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Guide developed using Greenport restaurants helps businesses reduce plastic imprint

A guide to help restaurants reduce their plastic-waste footprint was developed using four Greenport restaurants to demonstrate how that effort can benefit business. 

Last year, the Product Stewardship Institute partnered with the Greenport eateries — Lucharitos, Bruce & Son, Tikal.1 and Little Creek Oysters — in the Trash Free Waters Project. 

The institute is a national nonprofit that aims to solve waste management problems by encouraging product design changes and creating dialogue among stakeholders. 

The project kicked off in February 2017 and resulted in the publication of a Marine Debris Reduction Guide for Restaurants, which was put together by Megan Byers, PSI’s associate for policy, programs and outreach. She used the four local restaurants as case studies to give businesses around the country examples of how plastic output can be effectively reduced. 

“They can be leaders,” PSI founder and CEO Scott Cassel said. “They can show others that they’re taking one step at a time and it’s amazing how easy some of this can be once you start to look for it and your intention to start to reduce plastics is there.”

The guide offers three steps towards making that happen: assessing the operation’s plastic footprint and creating a plan to eliminate unnecessary plastic packaging and single-use items; reducing the amount of plastics that are given away; replacing disposable with reusable items; and switching to items that are either recycled or made of biodegradable materials. 

Eateries found that they saved a few thousand dollars annually by purchasing fewer plastic products. 

Lucharitos took to social media to announce it would phase out plastic straws and bottles at both its Greenport and Aquebogue locations and would provide paper straws only on request, according to PSI.

“If you’re operating a food business, but don’t care what happens to your product — both the food and the packaging it comes in — you will be left in the dust,” owner Marc Lamaina said in the guide. “It’s in every business’s best interest to make these changes, if for no other reason than to keep up with the ones who are. The sooner we all jump in and go green with packaging, the sooner the price of green products goes down and it’s easier for all to jump in the game.” 

At brunch spot Bruce & Son, owners Kassata and Scott Bollman ask takeout customers if they need bags and disposable foodware. If they do, birchwood cutlery, sugarcane pulp cups with reusable lids and paper bags are offered. 

The Bollmans found that offering products other than plastic makes them stand out, according to PSI. 

Tikal.1, which serves traditional Central American dishes, replaced its disposable plastic table covers with handmade Guatemalan cloths, and gave up foam cups and containers and plastic bags in favor of paper. By doing so, according to the guide, they eliminated 2,000 pounds of plastic waste annually. 

“We used to just give out plastic and didn’t think about the damage to the sea,” manager Helen Gonzales said. “Once we learned about the impact, we had to do the right thing. Switching to new products requires an initial investment, but it’s worth it. We’ve actually gotten more customers coming in because they heard about our effort.”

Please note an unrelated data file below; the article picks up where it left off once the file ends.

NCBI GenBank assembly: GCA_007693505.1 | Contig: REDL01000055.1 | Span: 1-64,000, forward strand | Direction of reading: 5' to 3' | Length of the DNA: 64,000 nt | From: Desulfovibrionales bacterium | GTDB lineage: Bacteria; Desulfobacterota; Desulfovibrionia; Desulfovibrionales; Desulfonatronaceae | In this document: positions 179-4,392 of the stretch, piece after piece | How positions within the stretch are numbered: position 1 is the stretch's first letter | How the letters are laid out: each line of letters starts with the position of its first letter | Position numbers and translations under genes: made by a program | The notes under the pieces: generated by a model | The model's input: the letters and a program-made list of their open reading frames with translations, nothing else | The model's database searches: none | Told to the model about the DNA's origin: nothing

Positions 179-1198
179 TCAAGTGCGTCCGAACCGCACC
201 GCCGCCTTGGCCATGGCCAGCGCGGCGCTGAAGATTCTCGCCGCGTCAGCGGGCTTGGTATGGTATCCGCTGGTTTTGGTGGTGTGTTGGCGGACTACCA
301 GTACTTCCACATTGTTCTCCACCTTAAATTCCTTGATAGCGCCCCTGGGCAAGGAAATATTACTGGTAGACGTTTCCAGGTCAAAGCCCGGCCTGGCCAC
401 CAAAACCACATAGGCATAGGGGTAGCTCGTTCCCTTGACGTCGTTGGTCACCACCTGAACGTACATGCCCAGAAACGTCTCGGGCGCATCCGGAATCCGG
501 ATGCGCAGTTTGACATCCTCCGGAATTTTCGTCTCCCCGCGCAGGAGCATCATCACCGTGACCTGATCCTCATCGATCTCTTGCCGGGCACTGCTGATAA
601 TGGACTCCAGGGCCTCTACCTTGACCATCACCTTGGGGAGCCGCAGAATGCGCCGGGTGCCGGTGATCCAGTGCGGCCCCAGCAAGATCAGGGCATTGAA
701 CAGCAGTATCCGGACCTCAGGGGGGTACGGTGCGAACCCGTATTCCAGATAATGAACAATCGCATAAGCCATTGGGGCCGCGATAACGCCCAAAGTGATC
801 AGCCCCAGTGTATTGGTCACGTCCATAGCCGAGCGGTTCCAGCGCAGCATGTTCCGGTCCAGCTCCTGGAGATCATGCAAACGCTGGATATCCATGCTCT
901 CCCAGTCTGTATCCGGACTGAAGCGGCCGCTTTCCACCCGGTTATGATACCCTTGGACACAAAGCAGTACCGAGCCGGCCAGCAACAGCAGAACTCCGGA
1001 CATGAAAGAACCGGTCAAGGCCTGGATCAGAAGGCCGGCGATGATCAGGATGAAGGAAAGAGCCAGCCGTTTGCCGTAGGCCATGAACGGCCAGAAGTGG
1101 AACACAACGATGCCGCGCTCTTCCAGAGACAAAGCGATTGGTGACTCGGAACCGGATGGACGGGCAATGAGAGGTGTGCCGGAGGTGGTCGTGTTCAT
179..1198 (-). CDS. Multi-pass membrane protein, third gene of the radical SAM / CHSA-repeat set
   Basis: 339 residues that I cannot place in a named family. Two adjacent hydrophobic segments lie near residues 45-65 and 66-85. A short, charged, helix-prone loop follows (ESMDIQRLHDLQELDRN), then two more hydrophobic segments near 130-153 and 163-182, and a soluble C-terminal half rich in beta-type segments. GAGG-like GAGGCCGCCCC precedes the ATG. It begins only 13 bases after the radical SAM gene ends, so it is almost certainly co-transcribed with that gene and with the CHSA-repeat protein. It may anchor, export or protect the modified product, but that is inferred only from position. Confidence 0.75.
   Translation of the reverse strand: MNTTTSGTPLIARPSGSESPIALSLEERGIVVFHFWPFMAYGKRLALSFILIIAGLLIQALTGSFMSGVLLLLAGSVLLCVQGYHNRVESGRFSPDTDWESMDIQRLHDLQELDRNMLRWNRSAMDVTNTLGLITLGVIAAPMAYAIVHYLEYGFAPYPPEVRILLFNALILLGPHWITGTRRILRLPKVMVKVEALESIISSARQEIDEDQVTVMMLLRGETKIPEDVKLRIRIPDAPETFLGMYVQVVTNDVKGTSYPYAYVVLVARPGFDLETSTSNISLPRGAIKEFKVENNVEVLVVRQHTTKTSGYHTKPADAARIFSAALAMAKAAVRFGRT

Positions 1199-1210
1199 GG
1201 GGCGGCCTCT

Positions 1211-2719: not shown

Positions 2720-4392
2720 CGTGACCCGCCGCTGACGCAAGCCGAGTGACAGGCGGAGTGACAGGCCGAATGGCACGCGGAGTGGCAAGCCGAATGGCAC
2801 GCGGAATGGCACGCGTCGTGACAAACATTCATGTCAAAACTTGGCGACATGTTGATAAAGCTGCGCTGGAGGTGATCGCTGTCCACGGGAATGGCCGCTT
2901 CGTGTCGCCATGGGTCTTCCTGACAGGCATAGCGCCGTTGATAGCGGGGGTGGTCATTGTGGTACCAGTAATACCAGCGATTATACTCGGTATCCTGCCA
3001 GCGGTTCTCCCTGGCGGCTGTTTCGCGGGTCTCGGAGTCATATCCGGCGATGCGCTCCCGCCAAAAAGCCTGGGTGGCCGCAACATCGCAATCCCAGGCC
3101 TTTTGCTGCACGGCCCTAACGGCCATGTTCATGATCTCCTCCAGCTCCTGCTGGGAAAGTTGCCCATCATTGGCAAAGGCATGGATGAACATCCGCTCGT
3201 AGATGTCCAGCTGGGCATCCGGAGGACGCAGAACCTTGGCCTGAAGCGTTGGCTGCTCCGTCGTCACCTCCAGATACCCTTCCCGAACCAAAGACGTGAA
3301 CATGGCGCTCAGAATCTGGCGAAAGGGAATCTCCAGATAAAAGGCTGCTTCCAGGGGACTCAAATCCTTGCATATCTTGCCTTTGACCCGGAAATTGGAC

As for Little Creek Oysters, owners Rosalie Rung and Ian Wile have found that by reducing plastics in favor of more reusable products, $5,507 can be saved annually. They opted for wooden spears over plastic forks and replaced plastic tasting spoons with metal ones, according to the guide. They also replaced disposable plastic oyster bags with reusable boxes. 

They serve plastic only on request, creating a opportunity to educate customers, Mr. Wile noted. 

“If you’re trying to figure out what plastics to tackle, look at your floor,” Ms. Rung advises in the guide. “If it’s landing on the ground, it’s going in the water.”

The guide, released as part of a movement to cut down on plastic pollution in the oceans, especially plastic straws, is picking up steam, with both businesses and individuals deciding either not to use straws at all or to find a reusable or biodegradable option. 

The eastern Long Island chapter of the Surfrider Foundation is promoting a “Strawless Summer” campaign, noting that volunteers collected 922 discarded plastic straws at a recent beach cleanup in Greenport. The foundation’s goal is to reduce the number of plastic straws used by restaurants on the East End, according to its website. 

On the North Fork, Little Creek Oysters and Peconic Cellar Door have pledged to go strawless, according to Surfrider’s map of participating restaurants. 

Other local restaurants have also taken the initiative to rethink their plastic output. American Beech switched to paper straws before the start of the season, owner Brent Pelton said. “We certainly do what we can to cut down,” he said. 

Copies of the guide are free can be sent by email to those fill out a request form on the PSI website: productstewardship.us/page/RestaurantGuide. 

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Photo caption: Ian Wile, of Little Creek Oysters, stands on the docks. (Suffolk Times file photo)